I had so much fun making the last Campfire Songs Mixtape that I decided to make another one. Both retro and modern with that warm familial feeling that makes a campfire so fun to be around. As always, the mixtape is free but feel free to support all the artists by buying their albums. To download a song just right-click the song link after the description, hope you enjoy. The full mixtape after the jump.
1. Tomorrow Goes Away- Delta Spirit
Featured on the last post, this little ditty is a great opener to a mix, with its understated beauty and sonic clarity, like watching the sun come up in the early morning.
2. Daytime Nighttime Suffering- Wings
For a musical artist so critically maligned after his former group disbanded, McCartney has never heard the tongue lashings over his melodic content, an innate talent that ha put him in the same sentence with the likes of Gershwin and Porter.
3. (You) Got What I Need- Freddie Scott
Long before Biz Markie strained his vocal chords to hit the chorus on his rap adaptation, this little number was a little known soul classic and it still sounds just as good.
4. New Coat- White Denim
“New Coat” came out on a free LP that the ever eclectic White Denim came out with over the summer and it’s probably the finest song I’ve heard in a while with great guitar work and a catchy melody, and some damn good lyrics about love.
5. Spanish Bombs- The Clash
When I started out on this blog, one of the first album reviews I ever did was on The Clash’s London Calling. What I said then still stands. Spanish Bombs is without a doubt, one of the most beautiful and complete tracks the Clash would ever record. A recount of the Spanish Civil War in the 30′s, the lyrics are full of affecting imagery. The chord structure is another great one, almost a subtle hint of London Calling. The chorus is clever too, mixing in Spanish, (the multi language trick would be something the Clash would visit again in Should I Stay or Should I Go). The descending guitar line is like something right out of George Harrisons book, emotional and perfect for the track, this is by far among the best songs on the album.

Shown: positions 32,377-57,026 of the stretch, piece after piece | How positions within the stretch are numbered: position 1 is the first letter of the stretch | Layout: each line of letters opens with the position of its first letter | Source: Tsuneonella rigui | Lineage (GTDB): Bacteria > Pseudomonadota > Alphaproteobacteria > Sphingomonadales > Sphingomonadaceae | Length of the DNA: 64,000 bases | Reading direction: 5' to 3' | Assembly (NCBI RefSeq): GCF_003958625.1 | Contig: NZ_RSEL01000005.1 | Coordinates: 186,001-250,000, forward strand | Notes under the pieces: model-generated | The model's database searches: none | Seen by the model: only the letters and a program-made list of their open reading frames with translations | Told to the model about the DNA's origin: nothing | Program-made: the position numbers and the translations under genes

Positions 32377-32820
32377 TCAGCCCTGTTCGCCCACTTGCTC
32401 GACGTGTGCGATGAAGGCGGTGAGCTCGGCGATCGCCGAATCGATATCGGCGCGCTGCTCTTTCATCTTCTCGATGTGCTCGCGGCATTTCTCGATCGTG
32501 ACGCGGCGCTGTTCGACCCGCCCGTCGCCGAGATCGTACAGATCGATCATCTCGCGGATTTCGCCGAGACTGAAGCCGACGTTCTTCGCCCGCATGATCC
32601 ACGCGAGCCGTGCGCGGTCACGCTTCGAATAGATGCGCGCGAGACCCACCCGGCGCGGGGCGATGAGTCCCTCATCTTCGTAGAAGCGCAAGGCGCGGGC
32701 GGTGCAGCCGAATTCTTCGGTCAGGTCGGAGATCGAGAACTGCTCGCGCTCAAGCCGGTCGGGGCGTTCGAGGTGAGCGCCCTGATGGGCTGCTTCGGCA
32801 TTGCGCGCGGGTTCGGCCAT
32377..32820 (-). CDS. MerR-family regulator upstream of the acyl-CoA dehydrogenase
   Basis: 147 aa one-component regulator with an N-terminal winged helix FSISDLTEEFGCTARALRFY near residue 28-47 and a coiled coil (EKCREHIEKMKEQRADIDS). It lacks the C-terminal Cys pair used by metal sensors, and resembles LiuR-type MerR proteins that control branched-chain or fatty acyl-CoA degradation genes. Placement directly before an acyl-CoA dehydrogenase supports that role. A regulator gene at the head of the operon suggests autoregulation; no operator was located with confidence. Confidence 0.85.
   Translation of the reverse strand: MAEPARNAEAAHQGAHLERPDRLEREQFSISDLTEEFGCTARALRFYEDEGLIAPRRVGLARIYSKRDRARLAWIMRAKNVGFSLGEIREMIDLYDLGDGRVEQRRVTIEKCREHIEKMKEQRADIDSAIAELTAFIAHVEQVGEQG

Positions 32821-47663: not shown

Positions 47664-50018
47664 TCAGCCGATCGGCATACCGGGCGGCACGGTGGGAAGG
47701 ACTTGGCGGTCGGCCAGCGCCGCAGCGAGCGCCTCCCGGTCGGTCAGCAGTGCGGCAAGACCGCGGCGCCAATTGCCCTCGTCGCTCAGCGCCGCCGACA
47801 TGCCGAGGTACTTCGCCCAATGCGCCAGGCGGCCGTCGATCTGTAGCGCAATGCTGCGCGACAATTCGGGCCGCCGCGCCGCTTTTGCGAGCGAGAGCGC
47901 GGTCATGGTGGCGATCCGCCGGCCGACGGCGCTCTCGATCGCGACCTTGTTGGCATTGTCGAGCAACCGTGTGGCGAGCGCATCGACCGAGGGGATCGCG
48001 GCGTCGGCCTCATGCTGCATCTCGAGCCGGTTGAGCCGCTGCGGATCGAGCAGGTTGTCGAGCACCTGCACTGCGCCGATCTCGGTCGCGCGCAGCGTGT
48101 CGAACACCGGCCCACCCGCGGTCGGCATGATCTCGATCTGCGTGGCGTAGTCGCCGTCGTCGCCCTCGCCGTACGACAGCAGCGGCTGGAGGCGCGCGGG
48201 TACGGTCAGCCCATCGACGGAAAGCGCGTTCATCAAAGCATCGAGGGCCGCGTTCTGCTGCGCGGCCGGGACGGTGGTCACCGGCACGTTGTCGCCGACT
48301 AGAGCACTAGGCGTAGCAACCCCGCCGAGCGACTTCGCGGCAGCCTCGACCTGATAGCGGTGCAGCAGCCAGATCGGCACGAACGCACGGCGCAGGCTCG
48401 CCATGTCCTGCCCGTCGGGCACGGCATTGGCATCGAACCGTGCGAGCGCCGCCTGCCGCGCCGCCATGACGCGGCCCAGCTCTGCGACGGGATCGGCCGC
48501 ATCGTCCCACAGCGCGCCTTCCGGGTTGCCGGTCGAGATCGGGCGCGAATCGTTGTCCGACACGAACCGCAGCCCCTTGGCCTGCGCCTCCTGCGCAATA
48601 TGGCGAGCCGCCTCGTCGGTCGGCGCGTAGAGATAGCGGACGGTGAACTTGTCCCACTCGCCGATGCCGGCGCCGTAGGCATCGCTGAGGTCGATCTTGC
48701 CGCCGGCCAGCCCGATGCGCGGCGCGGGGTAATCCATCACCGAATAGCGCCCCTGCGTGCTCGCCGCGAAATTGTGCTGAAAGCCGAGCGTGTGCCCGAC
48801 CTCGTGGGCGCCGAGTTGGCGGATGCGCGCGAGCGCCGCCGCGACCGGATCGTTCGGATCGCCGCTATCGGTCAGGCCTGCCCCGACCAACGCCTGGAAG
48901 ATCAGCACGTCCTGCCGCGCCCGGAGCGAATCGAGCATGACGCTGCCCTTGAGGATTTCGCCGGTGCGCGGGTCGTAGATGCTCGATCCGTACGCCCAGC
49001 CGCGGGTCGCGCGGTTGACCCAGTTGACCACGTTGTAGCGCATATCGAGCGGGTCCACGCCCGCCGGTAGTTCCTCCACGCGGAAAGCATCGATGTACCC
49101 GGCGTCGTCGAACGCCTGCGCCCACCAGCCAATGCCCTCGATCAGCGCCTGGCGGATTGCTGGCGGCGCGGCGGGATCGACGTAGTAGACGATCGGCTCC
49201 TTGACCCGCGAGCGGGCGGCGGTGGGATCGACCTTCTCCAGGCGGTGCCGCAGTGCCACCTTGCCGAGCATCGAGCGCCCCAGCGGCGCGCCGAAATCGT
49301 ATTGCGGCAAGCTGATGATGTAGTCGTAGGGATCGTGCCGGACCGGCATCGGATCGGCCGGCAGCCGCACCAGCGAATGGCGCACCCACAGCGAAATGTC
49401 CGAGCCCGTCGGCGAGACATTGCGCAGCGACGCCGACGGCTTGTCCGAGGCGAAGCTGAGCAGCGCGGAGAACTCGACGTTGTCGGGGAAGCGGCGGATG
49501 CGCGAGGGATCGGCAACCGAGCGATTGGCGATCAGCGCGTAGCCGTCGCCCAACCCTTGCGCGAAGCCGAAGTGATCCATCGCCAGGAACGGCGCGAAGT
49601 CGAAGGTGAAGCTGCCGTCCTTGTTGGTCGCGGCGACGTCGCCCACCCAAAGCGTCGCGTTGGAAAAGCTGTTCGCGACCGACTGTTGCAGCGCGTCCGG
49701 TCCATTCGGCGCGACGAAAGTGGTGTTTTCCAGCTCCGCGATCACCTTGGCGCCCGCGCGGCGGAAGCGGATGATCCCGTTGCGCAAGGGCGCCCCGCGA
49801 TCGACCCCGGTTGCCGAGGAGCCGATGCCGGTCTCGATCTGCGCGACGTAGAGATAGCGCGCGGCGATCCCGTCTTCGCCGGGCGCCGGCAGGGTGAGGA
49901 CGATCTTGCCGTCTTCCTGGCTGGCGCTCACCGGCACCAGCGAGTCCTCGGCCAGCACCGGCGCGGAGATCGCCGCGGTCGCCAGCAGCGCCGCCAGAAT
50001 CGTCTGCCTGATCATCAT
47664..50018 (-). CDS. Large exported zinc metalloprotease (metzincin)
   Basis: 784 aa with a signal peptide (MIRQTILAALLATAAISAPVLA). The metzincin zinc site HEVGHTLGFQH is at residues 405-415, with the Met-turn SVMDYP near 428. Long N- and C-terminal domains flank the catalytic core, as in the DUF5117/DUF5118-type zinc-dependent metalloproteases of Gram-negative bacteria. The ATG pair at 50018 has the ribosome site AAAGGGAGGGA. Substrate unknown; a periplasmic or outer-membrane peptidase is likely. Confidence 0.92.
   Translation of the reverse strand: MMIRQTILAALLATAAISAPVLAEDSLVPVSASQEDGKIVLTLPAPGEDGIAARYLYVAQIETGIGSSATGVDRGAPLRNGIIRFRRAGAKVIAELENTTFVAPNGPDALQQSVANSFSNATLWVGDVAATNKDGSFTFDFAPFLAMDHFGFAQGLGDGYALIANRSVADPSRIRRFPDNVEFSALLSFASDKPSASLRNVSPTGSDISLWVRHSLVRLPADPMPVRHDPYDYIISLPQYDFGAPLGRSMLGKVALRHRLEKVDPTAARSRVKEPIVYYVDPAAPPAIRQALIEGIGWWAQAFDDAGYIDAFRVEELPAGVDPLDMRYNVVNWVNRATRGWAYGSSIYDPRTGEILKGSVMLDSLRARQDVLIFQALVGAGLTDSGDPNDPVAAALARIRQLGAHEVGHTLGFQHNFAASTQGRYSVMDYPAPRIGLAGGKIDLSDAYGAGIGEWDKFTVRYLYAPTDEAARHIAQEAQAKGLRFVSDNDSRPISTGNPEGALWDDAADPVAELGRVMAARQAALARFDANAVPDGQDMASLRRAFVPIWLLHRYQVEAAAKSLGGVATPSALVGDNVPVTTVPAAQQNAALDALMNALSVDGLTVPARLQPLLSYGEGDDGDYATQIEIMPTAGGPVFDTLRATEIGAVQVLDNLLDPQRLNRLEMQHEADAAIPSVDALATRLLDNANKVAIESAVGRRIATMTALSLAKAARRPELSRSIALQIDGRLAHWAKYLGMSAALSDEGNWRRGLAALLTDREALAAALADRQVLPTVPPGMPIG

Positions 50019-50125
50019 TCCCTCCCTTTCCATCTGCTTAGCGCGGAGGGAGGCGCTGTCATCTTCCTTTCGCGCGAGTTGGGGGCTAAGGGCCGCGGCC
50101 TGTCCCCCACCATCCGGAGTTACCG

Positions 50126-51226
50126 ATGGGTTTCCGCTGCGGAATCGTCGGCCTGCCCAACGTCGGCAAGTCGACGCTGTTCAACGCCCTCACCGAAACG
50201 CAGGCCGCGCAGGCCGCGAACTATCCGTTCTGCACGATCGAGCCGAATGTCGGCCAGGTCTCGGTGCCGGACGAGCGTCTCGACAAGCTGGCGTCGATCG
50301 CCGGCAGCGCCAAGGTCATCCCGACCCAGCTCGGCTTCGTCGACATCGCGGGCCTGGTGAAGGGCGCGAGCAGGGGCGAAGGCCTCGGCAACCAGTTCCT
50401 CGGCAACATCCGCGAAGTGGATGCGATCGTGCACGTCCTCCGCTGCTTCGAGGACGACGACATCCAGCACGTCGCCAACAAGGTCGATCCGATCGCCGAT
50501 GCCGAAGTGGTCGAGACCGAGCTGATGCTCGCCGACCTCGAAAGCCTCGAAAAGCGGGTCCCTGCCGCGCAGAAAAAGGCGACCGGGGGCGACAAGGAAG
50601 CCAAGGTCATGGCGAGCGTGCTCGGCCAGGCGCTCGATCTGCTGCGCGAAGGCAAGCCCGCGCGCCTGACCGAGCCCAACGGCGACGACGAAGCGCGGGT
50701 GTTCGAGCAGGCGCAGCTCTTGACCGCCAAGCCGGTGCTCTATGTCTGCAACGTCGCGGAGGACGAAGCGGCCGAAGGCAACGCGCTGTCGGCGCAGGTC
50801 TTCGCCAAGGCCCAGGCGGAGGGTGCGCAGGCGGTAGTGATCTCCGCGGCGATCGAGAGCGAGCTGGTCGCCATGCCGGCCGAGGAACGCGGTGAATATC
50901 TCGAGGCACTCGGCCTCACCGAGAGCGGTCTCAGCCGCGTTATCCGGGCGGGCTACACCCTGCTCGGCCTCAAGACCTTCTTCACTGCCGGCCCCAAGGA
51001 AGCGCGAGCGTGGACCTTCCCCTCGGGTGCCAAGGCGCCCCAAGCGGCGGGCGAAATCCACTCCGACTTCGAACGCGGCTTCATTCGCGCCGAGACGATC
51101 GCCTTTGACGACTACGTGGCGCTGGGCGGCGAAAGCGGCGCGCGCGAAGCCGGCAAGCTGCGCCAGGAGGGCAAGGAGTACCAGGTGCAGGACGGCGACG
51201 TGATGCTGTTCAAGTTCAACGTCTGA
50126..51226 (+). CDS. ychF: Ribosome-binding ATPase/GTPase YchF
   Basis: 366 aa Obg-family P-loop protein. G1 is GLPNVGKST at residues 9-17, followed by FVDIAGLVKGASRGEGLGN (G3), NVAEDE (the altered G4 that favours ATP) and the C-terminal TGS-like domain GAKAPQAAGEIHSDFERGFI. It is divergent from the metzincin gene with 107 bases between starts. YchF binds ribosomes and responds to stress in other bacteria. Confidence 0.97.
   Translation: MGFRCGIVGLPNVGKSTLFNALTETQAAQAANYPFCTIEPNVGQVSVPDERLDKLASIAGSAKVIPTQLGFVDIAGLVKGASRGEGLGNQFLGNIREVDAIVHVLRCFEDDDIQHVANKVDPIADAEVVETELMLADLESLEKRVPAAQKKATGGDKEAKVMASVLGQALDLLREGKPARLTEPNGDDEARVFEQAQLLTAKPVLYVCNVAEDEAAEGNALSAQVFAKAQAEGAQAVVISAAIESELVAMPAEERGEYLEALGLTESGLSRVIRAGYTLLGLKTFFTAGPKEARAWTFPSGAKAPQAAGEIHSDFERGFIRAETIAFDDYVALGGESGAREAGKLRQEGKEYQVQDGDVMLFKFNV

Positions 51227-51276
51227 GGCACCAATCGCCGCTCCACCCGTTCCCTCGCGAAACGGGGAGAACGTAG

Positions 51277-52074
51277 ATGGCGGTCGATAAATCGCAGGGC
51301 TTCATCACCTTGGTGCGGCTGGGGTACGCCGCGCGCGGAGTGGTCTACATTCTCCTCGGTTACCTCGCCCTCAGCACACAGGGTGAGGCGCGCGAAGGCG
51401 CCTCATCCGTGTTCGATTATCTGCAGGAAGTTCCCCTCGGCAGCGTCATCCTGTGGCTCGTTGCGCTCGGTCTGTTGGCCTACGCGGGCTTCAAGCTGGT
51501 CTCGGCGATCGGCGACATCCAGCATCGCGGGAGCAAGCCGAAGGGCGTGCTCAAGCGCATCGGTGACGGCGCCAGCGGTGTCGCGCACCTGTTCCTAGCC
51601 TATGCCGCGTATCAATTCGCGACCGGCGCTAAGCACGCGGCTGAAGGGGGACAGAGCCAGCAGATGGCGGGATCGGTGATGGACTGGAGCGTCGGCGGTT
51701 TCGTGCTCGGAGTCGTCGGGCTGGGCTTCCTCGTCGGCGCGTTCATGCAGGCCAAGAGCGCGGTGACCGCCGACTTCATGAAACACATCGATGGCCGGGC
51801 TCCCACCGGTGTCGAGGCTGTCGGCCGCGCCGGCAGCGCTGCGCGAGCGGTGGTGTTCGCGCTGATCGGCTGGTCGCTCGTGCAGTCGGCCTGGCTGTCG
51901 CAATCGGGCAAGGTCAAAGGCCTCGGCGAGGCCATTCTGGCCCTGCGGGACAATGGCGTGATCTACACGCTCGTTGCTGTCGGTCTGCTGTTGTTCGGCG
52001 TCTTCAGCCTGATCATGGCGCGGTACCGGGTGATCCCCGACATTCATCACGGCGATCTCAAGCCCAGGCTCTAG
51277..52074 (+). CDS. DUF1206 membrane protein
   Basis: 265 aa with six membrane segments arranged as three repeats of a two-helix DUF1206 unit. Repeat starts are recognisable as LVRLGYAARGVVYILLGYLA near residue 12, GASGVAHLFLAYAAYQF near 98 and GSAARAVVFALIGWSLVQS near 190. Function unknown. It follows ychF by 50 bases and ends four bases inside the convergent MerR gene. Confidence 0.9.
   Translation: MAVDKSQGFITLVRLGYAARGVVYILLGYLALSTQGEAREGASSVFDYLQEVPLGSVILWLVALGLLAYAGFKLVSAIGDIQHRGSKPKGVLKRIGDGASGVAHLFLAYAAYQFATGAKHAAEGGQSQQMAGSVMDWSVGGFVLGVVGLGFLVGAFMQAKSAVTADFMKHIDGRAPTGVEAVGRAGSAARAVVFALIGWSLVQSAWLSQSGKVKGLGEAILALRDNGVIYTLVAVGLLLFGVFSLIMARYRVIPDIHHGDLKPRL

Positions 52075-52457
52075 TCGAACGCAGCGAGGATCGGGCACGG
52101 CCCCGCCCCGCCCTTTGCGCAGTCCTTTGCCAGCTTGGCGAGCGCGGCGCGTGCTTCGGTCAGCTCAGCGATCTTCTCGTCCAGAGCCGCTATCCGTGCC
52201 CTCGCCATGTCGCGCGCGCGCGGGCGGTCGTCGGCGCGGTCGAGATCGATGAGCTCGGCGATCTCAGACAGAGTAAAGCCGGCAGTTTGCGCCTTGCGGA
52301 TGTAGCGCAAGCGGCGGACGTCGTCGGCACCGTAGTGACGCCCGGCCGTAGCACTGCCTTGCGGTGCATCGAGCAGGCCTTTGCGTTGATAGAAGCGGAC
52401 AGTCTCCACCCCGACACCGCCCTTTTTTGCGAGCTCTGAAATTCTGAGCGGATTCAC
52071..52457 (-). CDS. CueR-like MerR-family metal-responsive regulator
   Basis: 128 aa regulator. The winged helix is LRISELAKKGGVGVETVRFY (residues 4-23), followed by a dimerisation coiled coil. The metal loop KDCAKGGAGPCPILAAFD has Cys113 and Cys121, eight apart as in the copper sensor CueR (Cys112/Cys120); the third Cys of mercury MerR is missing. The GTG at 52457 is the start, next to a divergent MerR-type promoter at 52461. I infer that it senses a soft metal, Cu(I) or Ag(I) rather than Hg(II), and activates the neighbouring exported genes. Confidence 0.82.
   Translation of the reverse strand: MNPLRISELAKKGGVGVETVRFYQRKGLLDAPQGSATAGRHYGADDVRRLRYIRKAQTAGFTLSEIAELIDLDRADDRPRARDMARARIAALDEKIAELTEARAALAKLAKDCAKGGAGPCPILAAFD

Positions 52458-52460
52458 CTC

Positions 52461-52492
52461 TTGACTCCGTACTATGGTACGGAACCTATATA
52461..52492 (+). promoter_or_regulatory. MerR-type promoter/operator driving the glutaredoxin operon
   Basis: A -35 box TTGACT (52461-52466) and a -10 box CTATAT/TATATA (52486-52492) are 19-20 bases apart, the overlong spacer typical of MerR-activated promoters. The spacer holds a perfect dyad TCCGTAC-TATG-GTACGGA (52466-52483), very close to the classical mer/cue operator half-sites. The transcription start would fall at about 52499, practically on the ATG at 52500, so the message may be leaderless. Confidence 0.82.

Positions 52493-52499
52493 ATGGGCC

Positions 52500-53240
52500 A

6. Love Is No Big Truth- Kings of Convenience
You’ll be hard pressed to find something as beautifully melodic and simply relaxing outside of this Norwegian duo who combine an Simon/Garfunkel harmony with a modern aesthetic.
7. Feather Bed- Fruit Bats
This minor dominated melody owes a debt to the Bob Dylan songbook but the vocals are far and above the raspy growl that made Dylan famous and the slow burning lead guitar suits the back drop perfectly.
8. Piledriver Waltz- Alex Turner
Take a little melodic influence from The National, a little vocals from Harry Nilsson and a little pinch of John Lennon styled arrangements and you’ll find yourself listening to this little gem from the Arctic Monkeys frontman.
9. Angel- Jack Johnson
He’s never been much for variety, but Jack Johnson has turned simplicity into an art form, his voice always perfect, his lyrics heartfelt, and an arrangement that feels just as at home in your living room as it does in a studio.
10. So Far Around The Bend- The National
Culled from the Dark Was The Night compilation, this number finds The National at their most melodic and downtrodden-ly inspiring.
11. Ten-Twenty-Ten- The Generationals
The guitar riff sounds like an updated version of “Dancing With Myself” and does a great job capturing the energy of this modern band who combine retro influences and modern approaches in their dynamic duo.
12. I Was Wrong (Nico Version)- The Morning Benders
The Morning Benders are probably one of the most promising modern acts out there and this little acoustic number comes from their iTunes Live Session EP and showcases their ability to make someone else’s song completely their own. Chu’s vocals are eerily reminiscent of a young Paul Simon and the simple acoustic guitar arrangement suits the mood perfectly.
13. Portland- Middle Brother
Riffing from the guitar melody line of “And I Love Her” this little ditty from a supergroup of the main singer-songwriters from the upcoming bands of Deer Tick, Dawes, and Delta Spirit is a nice bucolic melody that endears the listener just as The Beatles did before them.
14. Cheers- Blake Mills
Break Mirrors remains above and beyond the best and most understated debut album that came out in 2010 and “Cheers” is a perfect showcase of all Blake Mills talents, arresting vocals, perfect arrangements and a heartbreaking acceptance of the odd twists and turns that life brings.
15. Skinny Genes- Eliza Doolittle
Coming from the same vocal stylings of Amy Winehouse and Lilly Allen before her, Eliza Doolittle actually manages to bring a new dynamic to the fold of modern British songbirds, and is boosted by a great production aesthetic of dusting off old music samples and bringing a whole new life to them.
16. Your Direction- Chief
You won’t find much about this new up and coming band, but their sound is rooted in the classic bands of the 70’s who brought country-styled rock to the mainstream.
17. I Got You (At The End of the Century)- Wilco
Off of one of Wilco’s finest albums Being There, “I Got You” features some great riff work and a great live energy, a great mixtape ender.